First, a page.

Think 2020 has been wild for the housing market? Just wait until 2021

Buckle up and knuckle down: If you think 2020 has been a wild ride for the housing market, just wait until 2021

Few would have predicted that in a year when a pandemic swept the world, the UK housing market would be riding high.

House prices rose 7.6 per cent to an all- time high average of £253,243, says the Halifax. 

The 121,740 properties sold in October alone – the latest data – were a whopping 14 per cent up on a year earlier, according to HM Revenue & Customs. 

Property predictions: After a roller-coaster 2020, our experts predict ten trends for the next 12 months

And Government figures show even rents hit an all-time high of £725 per month in England and £1,435 in London.

A stamp duty holiday until March has encouraged a frenzy of buying as people bag savings of up to £15,000, while interest rates remain near record low levels and a ban on tenant evictions until mid-January may be hiding a mountain of rent arrears.

We defer to the experts, who predict ten trends for the next 12 months.

PRICE LOTTERY

The jury is out. Rightmove forecasts a 4 per cent rise with director Tim Bannister saying: ‘There’s likely to be a lull in quarter two unless the stamp duty holiday is extended, but for many its removal will not be make or break, though it may lead them to reduce their offers.’

At the other end of the scale, the Centre for Economics and Business Research warns of a massive slump and a 14 per cent price crash in 2021. Most other analysts suggest a tiny rise of just 1 or 2 per cent.

STAMP DUTY RACE

If you don’t complete your purchase by March 31, you will pay as much as £15,000 more in stamp duty.

It’s predicted that hundreds of thousands of buyers may have their deals delayed by a backlog hitting mortgage lenders, council planners and conveyancers working more slowly because of Covid and furlough.

‘Consumers must recognise it’s increasingly unlikely that if they buy or sell now, they will complete by the deadline,’ warns president of The Law Society, David Greene.

TAX BOMBSHELL

There’s speculation Chancellor Rishi Sunak will adopt calls from the independent Office for Tax Simplification and The Social Market Foundation to increase capital gains tax on profits made by sellers of holiday homes and buy-to-lets – or it could even be extended to profits from sales of main houses, too, despite protestations from Sunak’s own party.

Estate agent agency Knight Frank reports more interest in London homes (pictured) in November and December than any time since March

FIRST TIME BUYERS

Help To Buy has already aided 270,000 people into home ownership: buyers borrow 20 per cent of the purchase price interest-free for the first five years with just a 5 per cent deposit.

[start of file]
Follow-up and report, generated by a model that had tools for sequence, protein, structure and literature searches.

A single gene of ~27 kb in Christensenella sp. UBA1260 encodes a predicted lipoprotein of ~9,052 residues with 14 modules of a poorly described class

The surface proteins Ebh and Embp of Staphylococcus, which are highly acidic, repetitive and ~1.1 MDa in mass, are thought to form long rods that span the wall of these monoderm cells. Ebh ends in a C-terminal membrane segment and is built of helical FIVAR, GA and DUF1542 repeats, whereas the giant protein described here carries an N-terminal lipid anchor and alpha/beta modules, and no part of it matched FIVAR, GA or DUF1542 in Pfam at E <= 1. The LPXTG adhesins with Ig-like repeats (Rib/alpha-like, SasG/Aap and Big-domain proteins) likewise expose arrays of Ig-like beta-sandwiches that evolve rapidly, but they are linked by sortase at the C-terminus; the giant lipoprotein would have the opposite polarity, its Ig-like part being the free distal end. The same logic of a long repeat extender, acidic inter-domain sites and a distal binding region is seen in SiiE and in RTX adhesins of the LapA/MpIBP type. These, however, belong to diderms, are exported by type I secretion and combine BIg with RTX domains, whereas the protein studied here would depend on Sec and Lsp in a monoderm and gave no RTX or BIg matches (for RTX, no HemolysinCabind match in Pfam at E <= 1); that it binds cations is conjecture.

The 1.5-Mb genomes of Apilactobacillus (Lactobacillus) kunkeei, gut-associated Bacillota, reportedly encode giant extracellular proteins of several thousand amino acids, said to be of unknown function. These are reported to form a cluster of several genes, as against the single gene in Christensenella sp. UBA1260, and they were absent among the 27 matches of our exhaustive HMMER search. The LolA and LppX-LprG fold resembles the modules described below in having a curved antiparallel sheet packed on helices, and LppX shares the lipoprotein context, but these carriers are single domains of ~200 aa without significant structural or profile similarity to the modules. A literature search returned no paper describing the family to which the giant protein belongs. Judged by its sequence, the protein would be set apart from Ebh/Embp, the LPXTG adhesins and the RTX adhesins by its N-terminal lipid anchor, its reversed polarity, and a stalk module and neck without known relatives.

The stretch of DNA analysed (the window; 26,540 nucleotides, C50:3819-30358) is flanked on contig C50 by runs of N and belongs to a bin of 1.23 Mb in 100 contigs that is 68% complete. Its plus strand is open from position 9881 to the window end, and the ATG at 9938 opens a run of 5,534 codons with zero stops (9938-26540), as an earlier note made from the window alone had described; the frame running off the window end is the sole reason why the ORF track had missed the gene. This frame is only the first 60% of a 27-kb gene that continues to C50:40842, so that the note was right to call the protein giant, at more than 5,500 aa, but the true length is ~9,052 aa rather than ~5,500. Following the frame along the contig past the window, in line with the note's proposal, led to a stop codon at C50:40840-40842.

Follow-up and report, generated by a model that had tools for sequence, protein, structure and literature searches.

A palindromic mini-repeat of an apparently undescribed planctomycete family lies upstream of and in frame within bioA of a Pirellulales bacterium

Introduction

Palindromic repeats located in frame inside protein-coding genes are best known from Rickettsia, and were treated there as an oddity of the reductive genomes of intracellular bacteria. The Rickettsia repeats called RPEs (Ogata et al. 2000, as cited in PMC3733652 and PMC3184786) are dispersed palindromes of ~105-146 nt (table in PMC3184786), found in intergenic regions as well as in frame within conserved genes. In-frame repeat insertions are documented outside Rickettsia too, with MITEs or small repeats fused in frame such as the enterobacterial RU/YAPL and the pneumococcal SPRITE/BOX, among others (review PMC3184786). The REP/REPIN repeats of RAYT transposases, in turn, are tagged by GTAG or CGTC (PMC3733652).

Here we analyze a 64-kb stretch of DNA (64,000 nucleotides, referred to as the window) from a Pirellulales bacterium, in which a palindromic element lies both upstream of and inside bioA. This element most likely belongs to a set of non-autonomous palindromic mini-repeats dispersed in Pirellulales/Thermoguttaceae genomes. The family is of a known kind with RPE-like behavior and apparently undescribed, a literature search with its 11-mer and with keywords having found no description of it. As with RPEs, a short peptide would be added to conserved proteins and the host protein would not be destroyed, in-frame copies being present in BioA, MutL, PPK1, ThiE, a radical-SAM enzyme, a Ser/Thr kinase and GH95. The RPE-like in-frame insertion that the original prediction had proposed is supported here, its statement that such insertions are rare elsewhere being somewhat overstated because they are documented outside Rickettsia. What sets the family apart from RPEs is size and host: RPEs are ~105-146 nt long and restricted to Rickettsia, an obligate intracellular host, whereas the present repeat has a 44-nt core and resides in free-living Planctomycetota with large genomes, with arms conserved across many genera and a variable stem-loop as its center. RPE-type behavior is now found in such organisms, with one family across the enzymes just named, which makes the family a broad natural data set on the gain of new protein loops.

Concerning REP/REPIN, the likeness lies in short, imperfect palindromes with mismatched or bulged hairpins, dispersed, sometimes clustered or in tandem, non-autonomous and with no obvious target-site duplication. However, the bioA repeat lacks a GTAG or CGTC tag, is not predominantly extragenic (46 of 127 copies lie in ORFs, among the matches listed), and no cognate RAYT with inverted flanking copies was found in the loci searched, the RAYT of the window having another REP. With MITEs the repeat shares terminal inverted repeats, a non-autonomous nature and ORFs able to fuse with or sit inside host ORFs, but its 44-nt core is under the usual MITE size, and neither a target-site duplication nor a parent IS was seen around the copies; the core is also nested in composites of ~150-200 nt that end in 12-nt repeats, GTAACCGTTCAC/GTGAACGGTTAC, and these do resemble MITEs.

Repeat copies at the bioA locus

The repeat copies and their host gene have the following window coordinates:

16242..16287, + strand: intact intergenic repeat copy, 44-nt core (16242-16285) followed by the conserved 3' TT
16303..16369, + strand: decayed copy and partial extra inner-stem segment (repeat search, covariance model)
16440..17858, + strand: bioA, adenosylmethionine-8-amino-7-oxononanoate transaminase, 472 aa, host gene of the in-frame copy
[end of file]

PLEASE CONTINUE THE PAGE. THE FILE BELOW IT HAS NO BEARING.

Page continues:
But the scheme changes in April, after which only first-time buyers are eligible.

‘We’re pleased we can help buyers with smaller deposits to own a home at a time when there are fewer options open to them,’ explains Will German, of government body Homes England.

LONDON RENAISSANCE

If the Covid vaccine rolls out as scheduled, agents expect the exodus of buyers from cities to country will slow.

‘London will become party-central and those who endured a winter of deep mud and dark skies will be anxious to return to the safety of pavements and street lights,’ says Sara Ransom of Stacks Property Search, a buying agency.

There are signs already — agency Knight Frank reports more interest in London homes in November and December than any time since March.

RENTALS ROLL ON

One-in-seven homes sold in November were snapped up by landlords, says estate agency Hamptons, with the Midlands and the north of England most popular as they provide the best returns for investors.

The proportion of households privately renting is set to expand from its current 20 per cent, while a new Renters’ Reform Bill is expected to become law in 2021 making it harder for tenants to be evicted.

WALLS ARE BACK

Open-plan living is going out of fashion. John Lewis says buyers and renters, having been at home more than usual during Covid, want to segregate work areas from leisure. Home owners plan to spend £5,000 as a direct result of ideas they came up with during lockdown.

WORKING FROM HOME

A survey of 1,000 firms by the Institute of Directors shows 74 per cent will continue with some form of working from home in 2021.

‘It’s been one of the most tangible impacts of coronavirus on the economy. For many, it could be here to stay,’ says IoD policy director Roger Barker. It’s given rise to a new room – the ‘cloffice’ – an office in a closet.

ZOOM WITH A VIEW

A growing fashion in the U.S. is to download luxury mansion backgrounds for the purpose of using Zoom. That can mean country house libraries or floor-to-ceiling windows overlooking downtown Manhattan. Best of all, they’re free.

HELP FOR HOUSE HUNTERS

The brothers who founded Purplebricks – Michael and Kenny Bruce – are launching a new sales website called Boomin to compete with Rightmove. A multi-million pound marketing blitz starts next month.

Will it become the go-to website for house hunters?






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